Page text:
Solved

Printing an Expression Tree with Parentheses in Java

Posted on 2008-10-28
6
3,270 Views
Last Modified: 2013-11-23
I've implemented a postfix-to-infix converter using stacks of expression trees. However, I'm running into a few minor issues that I can't seem to fix.

First, if the postfix expression passed contains two-digit numbers (i.e., 10, 20) as opposed to single-digit numbers or characters (i.e., 1, 5, A, E), the converter doesn't work properly. The reason behind this is because of a check I am making using the isDigit() or isCharacter() methods of the Character class. However, I don't know the correct syntax to check whether there are multiple digits.

My other problem lies in the fact that the parentheses seem to occur in the right spaces; however, the converter unnecessarily adds them around every digit/letter. For example, the input "AB+CD-*" returns (((A )+ (B ))* ((C )- (D ))).

My code is included below--it uses an ExpressionTree class that I created in addition to the PostfixToInfix converter file. I've attached the ExpressionTree class in the same code snippet.
import java.util.*;
 
public class PostfixToInfix {
 
	public static void postfixToInfix (String input)
	{
		Stack<ExpressionTree> treeStack = new Stack<ExpressionTree>();
		
		for (int i = 0; i <input.length(); i++)
		{
			char ch = input.charAt(i);
			if (Character.isDigit(ch))
			{
				treeStack.push(new ExpressionTree(ch, null, null));
			}
			else if (Character.isLetter(ch))
			{
				treeStack.push(new ExpressionTree(ch, null, null));
			}
			else if (ch=='+' || ch=='/' || ch=='*' || ch=='-')
			{
				ExpressionTree right = treeStack.pop();
				ExpressionTree left = treeStack.pop();
				treeStack.push(new ExpressionTree(ch, right, left));
			}
		}
		while (!treeStack.isEmpty())
			ExpressionTree.print(treeStack.pop());
	}
	public static void main(String[] args) {
		postfixToInfix("AB+CD-*");
		System.out.println();
		postfixToInfix("12345++++2010-34*/*");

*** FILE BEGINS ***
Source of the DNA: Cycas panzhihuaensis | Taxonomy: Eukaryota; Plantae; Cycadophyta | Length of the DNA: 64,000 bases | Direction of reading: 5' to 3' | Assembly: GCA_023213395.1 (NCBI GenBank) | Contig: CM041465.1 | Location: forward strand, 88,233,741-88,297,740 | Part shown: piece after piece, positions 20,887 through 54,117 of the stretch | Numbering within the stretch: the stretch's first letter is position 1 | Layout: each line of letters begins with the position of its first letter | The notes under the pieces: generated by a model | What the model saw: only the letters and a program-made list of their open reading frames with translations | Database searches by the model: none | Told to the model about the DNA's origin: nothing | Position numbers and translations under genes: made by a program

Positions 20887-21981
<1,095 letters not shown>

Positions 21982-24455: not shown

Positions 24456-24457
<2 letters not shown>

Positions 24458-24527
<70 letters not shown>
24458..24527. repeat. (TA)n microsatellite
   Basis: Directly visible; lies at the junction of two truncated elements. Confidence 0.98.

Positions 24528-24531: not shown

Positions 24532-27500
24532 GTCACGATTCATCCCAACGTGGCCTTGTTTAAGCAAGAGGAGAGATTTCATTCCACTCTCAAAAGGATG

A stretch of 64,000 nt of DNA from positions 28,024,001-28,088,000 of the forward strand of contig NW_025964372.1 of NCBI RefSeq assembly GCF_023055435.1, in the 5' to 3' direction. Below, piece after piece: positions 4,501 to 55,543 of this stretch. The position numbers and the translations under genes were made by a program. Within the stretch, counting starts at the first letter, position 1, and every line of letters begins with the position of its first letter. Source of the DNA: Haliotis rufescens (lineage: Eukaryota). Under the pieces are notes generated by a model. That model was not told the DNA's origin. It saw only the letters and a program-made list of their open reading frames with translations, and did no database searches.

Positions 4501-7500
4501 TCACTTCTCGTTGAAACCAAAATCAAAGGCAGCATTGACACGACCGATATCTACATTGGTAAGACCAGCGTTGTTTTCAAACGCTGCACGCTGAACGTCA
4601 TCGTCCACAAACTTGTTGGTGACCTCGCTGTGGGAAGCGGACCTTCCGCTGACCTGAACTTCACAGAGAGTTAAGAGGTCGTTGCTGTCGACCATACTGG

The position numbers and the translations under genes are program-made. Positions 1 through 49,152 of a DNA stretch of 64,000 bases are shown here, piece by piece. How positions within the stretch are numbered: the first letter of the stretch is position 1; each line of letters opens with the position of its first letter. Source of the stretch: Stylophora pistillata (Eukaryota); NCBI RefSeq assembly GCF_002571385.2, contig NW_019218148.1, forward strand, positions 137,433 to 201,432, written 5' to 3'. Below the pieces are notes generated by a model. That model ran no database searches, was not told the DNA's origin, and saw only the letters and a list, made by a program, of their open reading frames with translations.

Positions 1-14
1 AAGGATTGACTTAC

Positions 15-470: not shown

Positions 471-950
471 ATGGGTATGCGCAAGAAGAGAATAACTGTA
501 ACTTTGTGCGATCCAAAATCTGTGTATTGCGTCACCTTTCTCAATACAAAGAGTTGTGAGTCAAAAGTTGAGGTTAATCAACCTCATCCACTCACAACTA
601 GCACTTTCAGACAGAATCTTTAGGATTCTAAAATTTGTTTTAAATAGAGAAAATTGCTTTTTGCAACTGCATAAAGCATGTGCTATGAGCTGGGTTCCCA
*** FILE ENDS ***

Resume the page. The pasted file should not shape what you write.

//Output should be ((1 + (2 + (3 + (4 + 5))))*((20 - 10) / (3 * 4)))
	}
}
 
//====================EXPRESSION TREE CLASS HERE 
//(May have to Change a call to the print method 
//due to the fact that this is an external file
public class ExpressionTree {
	
	char data;
	ExpressionTree left, right;
	
	public ExpressionTree(char data, ExpressionTree right, ExpressionTree left)
	{
		this.data = data;
		this.right = right;
		this.left = left;
	}
	
 
    public static void print (ExpressionTree tree) {
        if (tree == null) return;
        System.out.print("(");
        print (tree.left);
        
        System.out.print (tree.data + " ");
        print (tree.right);
        System.out.print(")");
    }
}

Open in new window

0
Comment
Question by:paid_tech
  • 4
  • 2
6 Comments
 
LVL 9

Accepted Solution

by:
mbodewes earned 500 total points
ID: 22830339
How do you know that 2010 is either a single number or two or three or four numbers? And where should the digits split, always in the middle? You will need something to tell the difference between the numbers. One or multiple white-spaces would do the trick. Then tokenize the input before putting it into the tree.

The great thing about post-fix (which I still hate, it seems to be optimized for machines, not for human beings) is that you don't need parenthesis of course. After building the tree, you will need to walk it and see which operators take precedence and add the parentheses where the lower part of the inverted tree are of lower precedence than the ones on top of it.
0
 
LVL 9

Expert Comment

by:mbodewes
ID: 22891771
Does this help you any or are you still stuck? Please post if you need more assistance.
0
 

Author Comment

by:paid_tech
ID: 22891802